It is clear to Jim Cramer that there is a sector-wide decline in media stocks, prompted on Wednesday by Disney's admission of a loss in cable subscribers which sent investors into a state of panic. Could this be the end of the world for media stocks?
"No, but it's certainly the end of their high valuations," the "Mad Money" host said.
In Cramer's perspective, Disney is different from all of the other media companies. Programming at all of the other cable TV companies contains content that can be streamed, which means their channel can be dropped from a cable subscriber's bundle.
You can watch anything on Viacom at a later date, thus there is no immediacy, which is why the stock has been hit the hardest. However, users cannot stream ESPN, and sports have no shelf-life—which are the bread and butter of Disney's cable offering.
So, if Disney is different from the rest of the pack, why is it still in meltdown mode?
It all boiled down to the mechanics of the stock market for Cramer. Stocks that have a gigantic decline, like Disney, tend to get hammered on the second day, too. Meaning, big institutions that were selling massive quantities of the stock and didn't finish cleaning house on the first day.
And while it might seem absurd to an investor who owns a few hundred shares of Disney, big institutions often need help trying to find a buyer for its stock. The positions are so massive that the brokers who were desperately looking for buyers on Wednesday couldn't find enough to take out the sellers.
"Barring a catastrophe in the market, I think the sellers will be done tomorrow and Disney's huge buyback will mop up what's left," Cramer said.
It is clear to Cramer that institutions continue to sell Disney at such low prices because they no longer believe that it is a growth stock. They simply want it out of their portfolios, at any price.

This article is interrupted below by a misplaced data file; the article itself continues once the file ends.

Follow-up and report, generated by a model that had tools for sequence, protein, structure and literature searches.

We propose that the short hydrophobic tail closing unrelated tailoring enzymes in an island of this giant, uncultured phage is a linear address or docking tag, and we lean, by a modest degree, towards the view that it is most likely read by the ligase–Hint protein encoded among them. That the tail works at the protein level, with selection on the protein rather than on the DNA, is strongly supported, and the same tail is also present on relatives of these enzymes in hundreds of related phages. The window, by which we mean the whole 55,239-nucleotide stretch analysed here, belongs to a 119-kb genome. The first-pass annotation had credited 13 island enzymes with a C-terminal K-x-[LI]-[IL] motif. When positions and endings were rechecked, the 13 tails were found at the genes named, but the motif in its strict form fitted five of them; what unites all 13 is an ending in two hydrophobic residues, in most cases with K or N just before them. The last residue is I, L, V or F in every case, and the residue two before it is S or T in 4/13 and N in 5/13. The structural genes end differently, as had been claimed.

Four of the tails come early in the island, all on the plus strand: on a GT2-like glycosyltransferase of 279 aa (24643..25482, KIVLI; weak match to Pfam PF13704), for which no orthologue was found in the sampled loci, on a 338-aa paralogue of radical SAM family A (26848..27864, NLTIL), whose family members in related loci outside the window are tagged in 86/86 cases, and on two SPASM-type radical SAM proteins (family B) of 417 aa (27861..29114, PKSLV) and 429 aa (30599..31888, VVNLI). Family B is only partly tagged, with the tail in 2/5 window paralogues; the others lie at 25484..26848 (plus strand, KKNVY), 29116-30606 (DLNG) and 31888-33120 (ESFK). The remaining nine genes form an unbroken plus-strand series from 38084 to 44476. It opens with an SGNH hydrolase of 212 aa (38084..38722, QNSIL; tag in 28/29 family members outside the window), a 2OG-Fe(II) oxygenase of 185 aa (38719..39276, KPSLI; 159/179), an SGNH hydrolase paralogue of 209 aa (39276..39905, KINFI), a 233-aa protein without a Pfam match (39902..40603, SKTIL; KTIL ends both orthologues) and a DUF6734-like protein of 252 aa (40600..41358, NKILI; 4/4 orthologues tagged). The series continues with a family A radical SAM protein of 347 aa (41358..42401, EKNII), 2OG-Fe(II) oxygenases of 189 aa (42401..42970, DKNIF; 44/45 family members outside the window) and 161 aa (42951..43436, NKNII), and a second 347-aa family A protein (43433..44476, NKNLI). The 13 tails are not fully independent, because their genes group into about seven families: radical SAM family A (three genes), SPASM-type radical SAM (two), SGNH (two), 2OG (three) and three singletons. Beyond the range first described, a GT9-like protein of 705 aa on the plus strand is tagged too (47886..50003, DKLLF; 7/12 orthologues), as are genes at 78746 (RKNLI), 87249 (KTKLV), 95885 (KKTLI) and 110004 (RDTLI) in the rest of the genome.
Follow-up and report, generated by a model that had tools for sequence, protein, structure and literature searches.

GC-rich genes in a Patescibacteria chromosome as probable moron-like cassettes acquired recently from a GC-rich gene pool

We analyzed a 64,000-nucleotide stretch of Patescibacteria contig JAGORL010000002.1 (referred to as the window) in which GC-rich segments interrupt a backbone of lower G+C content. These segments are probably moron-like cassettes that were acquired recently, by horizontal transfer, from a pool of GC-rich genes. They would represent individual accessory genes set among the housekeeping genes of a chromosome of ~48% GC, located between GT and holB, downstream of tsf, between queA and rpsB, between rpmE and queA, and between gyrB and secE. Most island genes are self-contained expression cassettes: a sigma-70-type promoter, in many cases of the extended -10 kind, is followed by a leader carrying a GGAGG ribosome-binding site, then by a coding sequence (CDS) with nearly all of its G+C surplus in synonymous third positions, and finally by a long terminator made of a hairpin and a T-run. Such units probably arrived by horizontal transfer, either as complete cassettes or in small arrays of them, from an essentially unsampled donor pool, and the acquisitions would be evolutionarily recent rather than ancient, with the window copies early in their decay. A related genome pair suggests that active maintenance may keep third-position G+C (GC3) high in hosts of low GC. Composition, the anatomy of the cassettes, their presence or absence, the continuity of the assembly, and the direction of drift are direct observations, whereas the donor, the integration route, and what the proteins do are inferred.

That is a dumb move, in Cramer's opinion. However, he understands why they are selling the stock. Many investors think that the entire media group is not worth as much as it used to be because they have less growth than most portfolio managers thought.
There is no denying the fact that if Disney cannot grow its subscribers it will have to either cut prices or diversify away from cable.
"The issue I have with the sellers is that it's not like Disney's CEO Bob Iger doesn't know this," Cramer said.
Iger has spent a huge amount of time and money trying to build up the movie studios and theme parks. This is evident with "Star Wars" on the horizon and Shanghai Disney's 2016 business. The company is in much better shape than Discovery, Twenty-First Century Fox, Viacom or Time Warner that all depend more on subscriber growth.
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Ultimately, once the Disney smoke clears, Cramer expects that the company will be in there buying back stock, and you should be in there with them.
Looking at Disney from a short-term perspective is all wrong. Cramer said to instead evaluate it as a long-term company with fantastic franchises, which are all being ignored because of one line item.
Cramer is willing to bet that this time next year, Disney will succeed in diversifying away from cable faster than any of the other media companies. When it comes to Disney stock, patience is always rewarded.